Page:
NESCAC policy in the wrong

Most of the schools in the New England Small College Athletic Conference are recognized as being among the finest in the nation. As students of these schools, we like to count ourselves among the best students in the nation. NESCAC schools, and Williams in particular, also pride themselves on their athletic excellence.

The philosophy of NESCAC has always been to keep athletics and academics in the proper perspective. Originally, our teams were not allowed to participate in NCAA post-season competition. However, six years ago the presidents of the NESCAC schools embarked on an experiment with post-season play. We realized that NCAA competition is exciting and fun. We found we had even more reason to be proud of our teams’ accomplishments. Now, at the end of that six-year experiment, we have a new model for post-season competition in the NESCAC: team competition is allowed, but only the conference champion will be allowed to participate.

This new model is highly unsatisfactory. The question the NESCAC presidents should have, and did not address is whether or not NCAA competition leads to a dilution of the academic excellence we are committed to keeping as our top priority.

Surely this was a troubling question when the NCAA experiment began. Post-season competition at a national level could result in unhealthy athletic pressure. President Payne described some of the worrisome potential results as, “The pressure to measure the success of a team solely in terms of post-season achievement, the pressure on admissions offices to make greater accommodations for promising prospective athletes, the pressure to manipulate schedules to meet expectations of NCAA committees.” If such pressures actually result from NCAA competition, if athletics have begun to take priority over academics due to post-season competition, it should be eliminated.

If, however, these pressures are not significant, if we can enjoy the excitement of NCAA play without diminishing the NESCAC’s professed commitment to academics, we should continue to allow competition without restriction.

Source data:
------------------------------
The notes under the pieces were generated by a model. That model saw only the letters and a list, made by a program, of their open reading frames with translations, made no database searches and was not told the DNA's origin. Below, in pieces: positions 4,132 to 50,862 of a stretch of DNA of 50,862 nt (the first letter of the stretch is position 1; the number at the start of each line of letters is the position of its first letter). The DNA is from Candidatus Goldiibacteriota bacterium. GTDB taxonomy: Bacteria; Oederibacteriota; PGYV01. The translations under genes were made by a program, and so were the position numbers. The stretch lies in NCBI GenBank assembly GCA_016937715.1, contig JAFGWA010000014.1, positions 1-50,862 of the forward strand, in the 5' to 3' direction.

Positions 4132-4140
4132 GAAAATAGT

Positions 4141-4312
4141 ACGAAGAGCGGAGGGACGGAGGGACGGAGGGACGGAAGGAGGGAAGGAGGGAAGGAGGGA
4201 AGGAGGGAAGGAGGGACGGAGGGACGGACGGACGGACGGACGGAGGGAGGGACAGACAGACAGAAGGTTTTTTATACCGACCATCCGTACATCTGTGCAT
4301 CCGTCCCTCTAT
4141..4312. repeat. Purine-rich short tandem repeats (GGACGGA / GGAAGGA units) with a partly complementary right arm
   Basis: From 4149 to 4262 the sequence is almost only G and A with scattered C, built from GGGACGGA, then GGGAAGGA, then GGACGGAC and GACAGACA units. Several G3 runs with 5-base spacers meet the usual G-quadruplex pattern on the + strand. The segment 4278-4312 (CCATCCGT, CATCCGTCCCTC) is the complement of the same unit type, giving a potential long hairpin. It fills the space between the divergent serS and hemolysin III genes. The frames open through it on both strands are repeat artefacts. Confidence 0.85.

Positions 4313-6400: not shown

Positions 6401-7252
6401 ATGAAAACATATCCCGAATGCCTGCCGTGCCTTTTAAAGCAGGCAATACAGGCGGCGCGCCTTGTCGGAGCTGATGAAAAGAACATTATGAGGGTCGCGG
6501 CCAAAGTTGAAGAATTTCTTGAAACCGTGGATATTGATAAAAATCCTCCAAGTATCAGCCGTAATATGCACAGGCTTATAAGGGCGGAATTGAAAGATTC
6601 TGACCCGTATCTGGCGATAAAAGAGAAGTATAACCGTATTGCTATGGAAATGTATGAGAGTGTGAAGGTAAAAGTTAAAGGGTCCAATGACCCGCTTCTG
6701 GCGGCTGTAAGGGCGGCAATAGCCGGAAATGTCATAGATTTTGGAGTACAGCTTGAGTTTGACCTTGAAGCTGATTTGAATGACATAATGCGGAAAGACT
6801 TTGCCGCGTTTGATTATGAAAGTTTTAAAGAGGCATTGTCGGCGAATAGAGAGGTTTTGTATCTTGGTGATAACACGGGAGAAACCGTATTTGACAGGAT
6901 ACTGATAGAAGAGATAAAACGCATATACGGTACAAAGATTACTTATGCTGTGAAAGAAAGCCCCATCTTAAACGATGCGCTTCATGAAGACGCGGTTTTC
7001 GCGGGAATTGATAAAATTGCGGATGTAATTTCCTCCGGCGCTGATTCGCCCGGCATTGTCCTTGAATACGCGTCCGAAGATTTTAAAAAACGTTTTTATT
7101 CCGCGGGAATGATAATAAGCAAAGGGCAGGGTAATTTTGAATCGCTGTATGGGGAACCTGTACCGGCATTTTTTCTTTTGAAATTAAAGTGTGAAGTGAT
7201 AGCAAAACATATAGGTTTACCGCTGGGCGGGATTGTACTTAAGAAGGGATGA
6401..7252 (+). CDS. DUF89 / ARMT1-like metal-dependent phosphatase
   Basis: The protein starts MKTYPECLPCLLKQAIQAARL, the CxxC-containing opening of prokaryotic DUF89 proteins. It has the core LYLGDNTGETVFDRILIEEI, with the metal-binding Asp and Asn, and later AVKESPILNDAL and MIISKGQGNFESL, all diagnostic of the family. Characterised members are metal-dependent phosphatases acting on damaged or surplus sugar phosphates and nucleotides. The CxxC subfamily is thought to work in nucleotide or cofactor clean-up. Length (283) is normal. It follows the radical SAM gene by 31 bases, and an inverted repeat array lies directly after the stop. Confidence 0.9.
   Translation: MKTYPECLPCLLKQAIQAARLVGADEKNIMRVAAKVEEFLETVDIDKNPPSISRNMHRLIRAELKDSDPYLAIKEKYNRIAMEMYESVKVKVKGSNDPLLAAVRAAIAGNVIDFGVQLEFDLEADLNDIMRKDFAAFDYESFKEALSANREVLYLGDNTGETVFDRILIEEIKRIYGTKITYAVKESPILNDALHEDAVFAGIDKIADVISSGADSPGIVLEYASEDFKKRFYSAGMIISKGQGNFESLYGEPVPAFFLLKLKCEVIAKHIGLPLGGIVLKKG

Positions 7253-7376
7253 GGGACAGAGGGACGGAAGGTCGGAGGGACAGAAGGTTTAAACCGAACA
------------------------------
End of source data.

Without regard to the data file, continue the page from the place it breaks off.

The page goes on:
Our objection to the presidents’ decision is that on the one question that matters, they made not decision at all. Any negative pressures that might have previously resulted from NCAA competition will not be eliminated at all. Tournament play will continue to be every bit as important. The only difference we can see is that pressure on teams will actually increase. Every game, and especially conference games, will now be of much greater importance, since only the conference champion will have the opportunity to compete at a national level. How have we shifted the focus from athletics back to academics?

We have made a meaningless compromise, which, by restricting NCAA competition satisfies no one. Post-season play is restricted, but the unhealthy pressures that result from post-season play are not.

We at the Record enjoy NCAA competition. We like to watch our teams win, and if we can be national champions, that’s legitimate reason to cheer. If we continue to allow post-season competition, we should not restrict it the conference champion. If the satisfaction of national athletic success comes at the expense of our stated goal of academic excellence, however, it is a satisfaction we need to forego.

Either NCAA competition leads to an intolerable prioritizing of athletics or it does not. If we want to continue NCAA competition, we should continue it unrestrictedly. As it stands, the new model for post-season play penalizes teams unnecessarily without benefiting anyone. Restricted NCAA competition is no solution at all.